Ingrid van Bouwdijk via web
Galmo Duba and Kabale Buke are residents in Abunnu Kebele Yabello Woreda. They had been well-known, respected traditional birth attendants at their village when GOAL targeted them with other women who used to perform traditional delivery. GOAL targeted such women and provided training so as to enable them provide safe and clean delivery at community level. Once the Government changed the policy that forbids traditional birth delivery, GOAL directed its approach towards the trained birth attendants (TTBAs) and trained them to be Community Based Reproductive Health Promoters (CBRHP). Under their new roles these women are focused on identification, mapping and referrals of pregnant mothers to nearby health facilities for basic maternal health services including delivery.
Galmo and Jaldesa are among the successful CBRHPs who helped pregnant mothers to get proper care and treatment before and after delivery. “The training I received from GOAL has helped me to support pregnant mothers to get treatment at health facilities. I am happy that I am able to help my neighbours and family,” said Galmo with pride. She has mapped and assisted five pregnant women; counselled and supported them to attend antenatal care (ANC), give birth at a health facility and post-natal care (PNC) during the reporting period. Galmo is proud of her community role that she is advising pregnant women to get proper treatment at health facilities. “People at my village have big respect for me, which makes me like my community role more,” she added.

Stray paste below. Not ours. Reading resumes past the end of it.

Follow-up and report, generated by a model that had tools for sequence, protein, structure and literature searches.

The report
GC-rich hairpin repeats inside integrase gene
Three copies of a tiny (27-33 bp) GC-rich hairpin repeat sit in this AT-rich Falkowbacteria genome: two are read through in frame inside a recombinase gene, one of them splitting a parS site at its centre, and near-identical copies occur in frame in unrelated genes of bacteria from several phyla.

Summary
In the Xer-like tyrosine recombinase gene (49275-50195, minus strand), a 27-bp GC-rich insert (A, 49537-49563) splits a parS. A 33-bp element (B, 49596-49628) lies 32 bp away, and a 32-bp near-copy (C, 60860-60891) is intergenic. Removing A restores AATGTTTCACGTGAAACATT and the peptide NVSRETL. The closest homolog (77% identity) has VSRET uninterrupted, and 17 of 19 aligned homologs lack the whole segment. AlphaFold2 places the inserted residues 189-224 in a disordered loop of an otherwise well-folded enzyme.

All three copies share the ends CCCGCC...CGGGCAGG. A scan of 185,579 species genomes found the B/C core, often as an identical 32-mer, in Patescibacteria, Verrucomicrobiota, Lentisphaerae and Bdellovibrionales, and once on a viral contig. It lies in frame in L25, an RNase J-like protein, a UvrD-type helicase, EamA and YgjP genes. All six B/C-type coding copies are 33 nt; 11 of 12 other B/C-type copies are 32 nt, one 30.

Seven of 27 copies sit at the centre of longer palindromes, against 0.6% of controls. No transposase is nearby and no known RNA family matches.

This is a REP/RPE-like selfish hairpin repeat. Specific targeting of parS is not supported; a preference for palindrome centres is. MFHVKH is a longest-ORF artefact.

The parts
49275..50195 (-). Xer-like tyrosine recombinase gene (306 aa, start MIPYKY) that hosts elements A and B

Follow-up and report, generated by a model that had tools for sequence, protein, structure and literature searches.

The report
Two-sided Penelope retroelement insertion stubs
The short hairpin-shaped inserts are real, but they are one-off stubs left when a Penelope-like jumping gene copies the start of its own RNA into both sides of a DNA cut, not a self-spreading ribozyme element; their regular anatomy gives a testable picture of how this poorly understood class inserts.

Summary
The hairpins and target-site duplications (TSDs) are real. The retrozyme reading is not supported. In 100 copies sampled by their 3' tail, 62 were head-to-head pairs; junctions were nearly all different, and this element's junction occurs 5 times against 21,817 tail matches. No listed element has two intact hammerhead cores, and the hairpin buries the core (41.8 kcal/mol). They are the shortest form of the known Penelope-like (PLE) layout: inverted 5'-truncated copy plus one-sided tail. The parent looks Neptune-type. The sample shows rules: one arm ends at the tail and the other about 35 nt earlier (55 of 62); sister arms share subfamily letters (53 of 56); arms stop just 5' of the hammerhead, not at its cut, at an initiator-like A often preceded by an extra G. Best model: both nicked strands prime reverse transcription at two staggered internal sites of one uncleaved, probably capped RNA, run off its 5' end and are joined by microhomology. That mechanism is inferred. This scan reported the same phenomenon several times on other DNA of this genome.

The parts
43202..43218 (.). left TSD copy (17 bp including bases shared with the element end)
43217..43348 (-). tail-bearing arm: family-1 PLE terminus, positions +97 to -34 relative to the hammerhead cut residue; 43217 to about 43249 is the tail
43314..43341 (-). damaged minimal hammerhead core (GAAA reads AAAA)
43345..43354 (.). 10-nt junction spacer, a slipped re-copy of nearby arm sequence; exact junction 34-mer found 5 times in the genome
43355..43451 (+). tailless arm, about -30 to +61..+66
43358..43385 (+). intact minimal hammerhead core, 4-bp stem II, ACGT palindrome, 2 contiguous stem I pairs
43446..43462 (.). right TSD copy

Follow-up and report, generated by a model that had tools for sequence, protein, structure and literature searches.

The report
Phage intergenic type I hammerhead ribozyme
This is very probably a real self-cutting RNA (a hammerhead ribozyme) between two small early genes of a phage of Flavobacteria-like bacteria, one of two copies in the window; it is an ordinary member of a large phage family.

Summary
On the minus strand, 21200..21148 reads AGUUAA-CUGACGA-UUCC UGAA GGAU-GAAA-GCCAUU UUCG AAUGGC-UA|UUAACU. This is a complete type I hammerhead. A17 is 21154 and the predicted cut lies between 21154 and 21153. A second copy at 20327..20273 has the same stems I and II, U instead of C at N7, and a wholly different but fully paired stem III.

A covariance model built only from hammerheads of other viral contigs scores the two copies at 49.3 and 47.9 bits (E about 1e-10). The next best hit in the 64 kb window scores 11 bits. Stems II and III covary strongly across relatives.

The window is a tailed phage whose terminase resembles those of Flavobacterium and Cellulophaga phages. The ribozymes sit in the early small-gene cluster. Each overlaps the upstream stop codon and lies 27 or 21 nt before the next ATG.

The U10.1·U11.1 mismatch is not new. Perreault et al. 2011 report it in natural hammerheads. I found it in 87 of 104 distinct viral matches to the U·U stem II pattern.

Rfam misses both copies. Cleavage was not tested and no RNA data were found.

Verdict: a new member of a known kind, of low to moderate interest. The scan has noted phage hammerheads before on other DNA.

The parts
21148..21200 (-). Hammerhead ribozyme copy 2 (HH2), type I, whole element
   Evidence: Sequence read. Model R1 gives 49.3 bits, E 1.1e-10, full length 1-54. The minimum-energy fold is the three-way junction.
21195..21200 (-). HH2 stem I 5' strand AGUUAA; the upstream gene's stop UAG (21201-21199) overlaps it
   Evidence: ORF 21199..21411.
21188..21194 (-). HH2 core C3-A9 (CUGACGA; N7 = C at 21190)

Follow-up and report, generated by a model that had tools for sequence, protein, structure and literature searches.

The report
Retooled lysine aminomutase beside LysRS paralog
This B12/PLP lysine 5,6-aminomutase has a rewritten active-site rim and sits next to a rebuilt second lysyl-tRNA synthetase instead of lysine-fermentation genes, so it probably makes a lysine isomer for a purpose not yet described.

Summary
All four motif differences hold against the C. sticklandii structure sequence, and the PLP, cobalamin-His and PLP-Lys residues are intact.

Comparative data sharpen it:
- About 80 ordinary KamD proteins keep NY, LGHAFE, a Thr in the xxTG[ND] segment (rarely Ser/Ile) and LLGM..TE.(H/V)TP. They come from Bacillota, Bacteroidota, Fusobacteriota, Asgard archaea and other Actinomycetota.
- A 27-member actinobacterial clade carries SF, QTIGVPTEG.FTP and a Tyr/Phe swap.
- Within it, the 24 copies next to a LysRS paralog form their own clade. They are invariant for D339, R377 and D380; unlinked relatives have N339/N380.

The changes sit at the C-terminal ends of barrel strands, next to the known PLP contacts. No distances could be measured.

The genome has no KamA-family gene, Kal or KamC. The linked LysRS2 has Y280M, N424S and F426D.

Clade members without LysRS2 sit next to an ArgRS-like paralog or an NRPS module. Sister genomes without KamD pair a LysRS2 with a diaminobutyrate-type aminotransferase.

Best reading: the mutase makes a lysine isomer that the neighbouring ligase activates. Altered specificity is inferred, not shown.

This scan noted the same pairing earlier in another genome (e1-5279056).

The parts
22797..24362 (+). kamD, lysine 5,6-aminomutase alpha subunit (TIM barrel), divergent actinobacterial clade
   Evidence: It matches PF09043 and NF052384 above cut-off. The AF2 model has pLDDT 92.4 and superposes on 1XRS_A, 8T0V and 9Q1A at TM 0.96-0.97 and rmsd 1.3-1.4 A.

One of the volunteer women who Galmo mapped and targeted for institutional delivery was Elema who was pregnant of her 8th child. She delivered all her seven children at home with the support of traditional birth attendants. However due to this project, Elema could get advice from Galmo and was convinced to get follow up treatments and institutional delivery services. Comparing the difference between her past time home delivery experience and now at Yabello Hospital, Elema said “being close with health professionals at such critical time gave me confidence that the new born and I are safe.”
Galmo is happy to hear the good experiences of women who had institutional delivery. She also remembered the stress she had during those times when she used to perform home delivery. She said, “Assisting women at home was stressful and risky particularly at times of complication. I did not have the knowledge on foetus positions and other important things by then so we (traditional birth attendants) took risks and trusted luck.”
Jaldesa who herself experienced institutional delivery for her 8th child is another dedicated CBRHP who encouraged and convinced pregnant mothers to get access to services for their ANC and PNC. Since Jaldesa has learnt the benefits of pre- and post-natal check-ups and institutional delivery, she tirelessly shares her experiences and encourages women. “Sometimes they insist to perform traditional delivery because I did it for them before, but know GOAL has taught me the risks and consequences of home delivery and the benefits of institutional delivery,” Jaldesa shared her challenges with us to convince women for institutional delivery. “I encourage all women to access the opportunity (institutional delivery) for the benefit of their new born as well as themselves,” she insisted. Jaldesa is proud that she supported six pregnant women to get the proper check-ups and institutional delivery services.
Galmo and Jaldesa are also members of volunteer mothers (Care Group) and work in promoting health concerns at community level in collaboration with the health extension workers. They are among the women whom the government has relayed for their effort and commitment in encouraging local women for institutional delivery so that the country can achieve the decreased rate of both maternal and infant death.